Interactions and Transport of Charged Species in Bulk and at Interfaces

July 4, 2016 to July 7, 2016
Location : CECAM-AT

Concentration-Induced Protein Association due to Patchy Attractions

Malin Zackrisson Oskolkova
Physical Chemistry, Lund University, Lund, Sweden

Coauthor(s) : Weimin Li [1], Björn Persson [2], Johan Bergenholtz [3], Mikael Lund [2]
[2 ]Division of Theoretical Chemistry, Lund University, Lund, Sweden [3] Department of Chemistry and Molecular Biology, University of Gothenburg, Göteborg, Sweden


The self association of the protein lactoferrin is studied in solution using scattering techniques. Effective static structure factors are discovered to exhibit either a monotonic or non-monotonic dependence on protein concentration in the small wavevector limit depending on the salt concentration. The behavior correlates with a non-monotonic dependence of the second virial coefficient on salt concentration, such that a maximum appears in the structure factor at low protein concentration when the second virial coefficient is negative and close to a minimum. The results are interpreted in terms of an integral equation theory with explicit dimers due to Wertheim, which provides a consistent framework able to explain the behavior in terms of a monomer-dimer equilibrium that appears due to a highly directional patch attraction. Short attraction ranges preclude trimer formation, which explains why the protein system behaves as if subject to a concentration dependent isotropic protein-protein attraction. Superimposing an isotropic interaction, comprising screened Coulomb repulsion and van der Waals attraction, on the patch attraction allows for a semi-quantitative modeling of the complete transition pathway from monomers in the dilute limit to monomer-dimer systems at somewhat higher protein concentrations.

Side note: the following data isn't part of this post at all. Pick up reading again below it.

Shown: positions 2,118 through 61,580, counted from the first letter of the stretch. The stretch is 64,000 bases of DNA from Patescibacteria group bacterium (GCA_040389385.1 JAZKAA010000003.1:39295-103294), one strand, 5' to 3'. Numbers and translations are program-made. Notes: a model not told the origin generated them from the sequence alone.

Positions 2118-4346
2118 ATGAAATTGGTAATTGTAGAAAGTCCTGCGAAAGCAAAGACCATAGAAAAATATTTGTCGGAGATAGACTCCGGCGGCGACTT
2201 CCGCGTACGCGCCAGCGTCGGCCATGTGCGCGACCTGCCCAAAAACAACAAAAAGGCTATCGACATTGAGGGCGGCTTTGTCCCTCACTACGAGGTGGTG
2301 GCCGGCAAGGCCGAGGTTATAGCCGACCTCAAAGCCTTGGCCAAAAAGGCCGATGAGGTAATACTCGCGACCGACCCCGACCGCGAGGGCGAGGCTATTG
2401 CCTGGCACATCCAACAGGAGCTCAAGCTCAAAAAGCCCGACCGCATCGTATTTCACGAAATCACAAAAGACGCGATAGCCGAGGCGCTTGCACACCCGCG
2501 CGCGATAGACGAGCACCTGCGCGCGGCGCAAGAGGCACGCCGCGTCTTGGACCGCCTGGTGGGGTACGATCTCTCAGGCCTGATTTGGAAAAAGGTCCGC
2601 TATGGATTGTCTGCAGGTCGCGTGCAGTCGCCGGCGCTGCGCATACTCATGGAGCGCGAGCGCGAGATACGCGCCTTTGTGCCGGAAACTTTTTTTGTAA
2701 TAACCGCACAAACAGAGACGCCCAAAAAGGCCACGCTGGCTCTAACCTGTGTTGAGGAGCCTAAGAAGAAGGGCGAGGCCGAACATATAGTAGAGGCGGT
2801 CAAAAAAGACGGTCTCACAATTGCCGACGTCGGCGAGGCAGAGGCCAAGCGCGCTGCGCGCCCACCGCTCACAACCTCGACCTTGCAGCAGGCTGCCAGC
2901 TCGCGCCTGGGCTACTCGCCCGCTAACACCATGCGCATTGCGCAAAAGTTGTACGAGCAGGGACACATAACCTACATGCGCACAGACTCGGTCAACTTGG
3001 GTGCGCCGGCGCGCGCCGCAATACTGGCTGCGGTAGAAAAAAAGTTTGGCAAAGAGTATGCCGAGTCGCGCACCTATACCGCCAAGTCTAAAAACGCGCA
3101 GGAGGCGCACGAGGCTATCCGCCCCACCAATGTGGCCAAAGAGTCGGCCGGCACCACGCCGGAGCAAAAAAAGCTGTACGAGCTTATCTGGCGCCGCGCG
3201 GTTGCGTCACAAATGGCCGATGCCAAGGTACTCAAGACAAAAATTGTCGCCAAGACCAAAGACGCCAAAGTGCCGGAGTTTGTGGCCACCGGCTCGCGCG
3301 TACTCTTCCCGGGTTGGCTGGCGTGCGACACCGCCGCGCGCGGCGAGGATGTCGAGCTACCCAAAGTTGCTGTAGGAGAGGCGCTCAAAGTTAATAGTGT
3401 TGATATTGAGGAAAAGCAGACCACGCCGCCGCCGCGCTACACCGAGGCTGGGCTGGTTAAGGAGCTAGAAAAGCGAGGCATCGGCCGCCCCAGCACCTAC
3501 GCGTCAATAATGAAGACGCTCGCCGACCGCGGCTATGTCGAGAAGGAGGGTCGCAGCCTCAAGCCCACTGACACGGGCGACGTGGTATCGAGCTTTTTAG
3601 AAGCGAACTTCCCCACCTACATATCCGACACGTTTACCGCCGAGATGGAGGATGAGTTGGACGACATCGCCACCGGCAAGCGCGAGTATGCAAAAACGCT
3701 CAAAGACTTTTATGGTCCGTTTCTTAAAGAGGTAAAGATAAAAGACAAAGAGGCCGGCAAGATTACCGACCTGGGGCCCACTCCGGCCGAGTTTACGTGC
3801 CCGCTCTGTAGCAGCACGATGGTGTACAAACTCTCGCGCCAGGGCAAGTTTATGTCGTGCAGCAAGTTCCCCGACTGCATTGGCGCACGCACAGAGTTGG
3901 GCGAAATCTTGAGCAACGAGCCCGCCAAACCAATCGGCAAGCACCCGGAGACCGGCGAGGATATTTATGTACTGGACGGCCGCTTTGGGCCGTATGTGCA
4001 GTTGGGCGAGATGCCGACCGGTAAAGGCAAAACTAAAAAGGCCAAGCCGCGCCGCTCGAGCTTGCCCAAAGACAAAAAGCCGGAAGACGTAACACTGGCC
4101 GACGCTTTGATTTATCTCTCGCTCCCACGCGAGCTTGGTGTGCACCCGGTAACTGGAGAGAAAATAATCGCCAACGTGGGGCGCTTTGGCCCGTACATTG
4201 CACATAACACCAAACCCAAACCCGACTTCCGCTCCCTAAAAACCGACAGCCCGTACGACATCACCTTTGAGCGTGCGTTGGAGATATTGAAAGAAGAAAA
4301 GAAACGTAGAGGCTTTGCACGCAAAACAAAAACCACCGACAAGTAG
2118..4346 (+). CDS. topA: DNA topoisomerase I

[1 ]B. A. Persson, M. Lund, J. Forsman, D. E. W. Chatterton,
and T. Åkesson, Biophys. Chem. 151 187 (2010)

[2] W. Li, B. A. Persson, M. Morin, M. A. Behrens, M. Lund,
and M. Z. Oskolkova, J. Phys. Chem. B 119 503 (2015)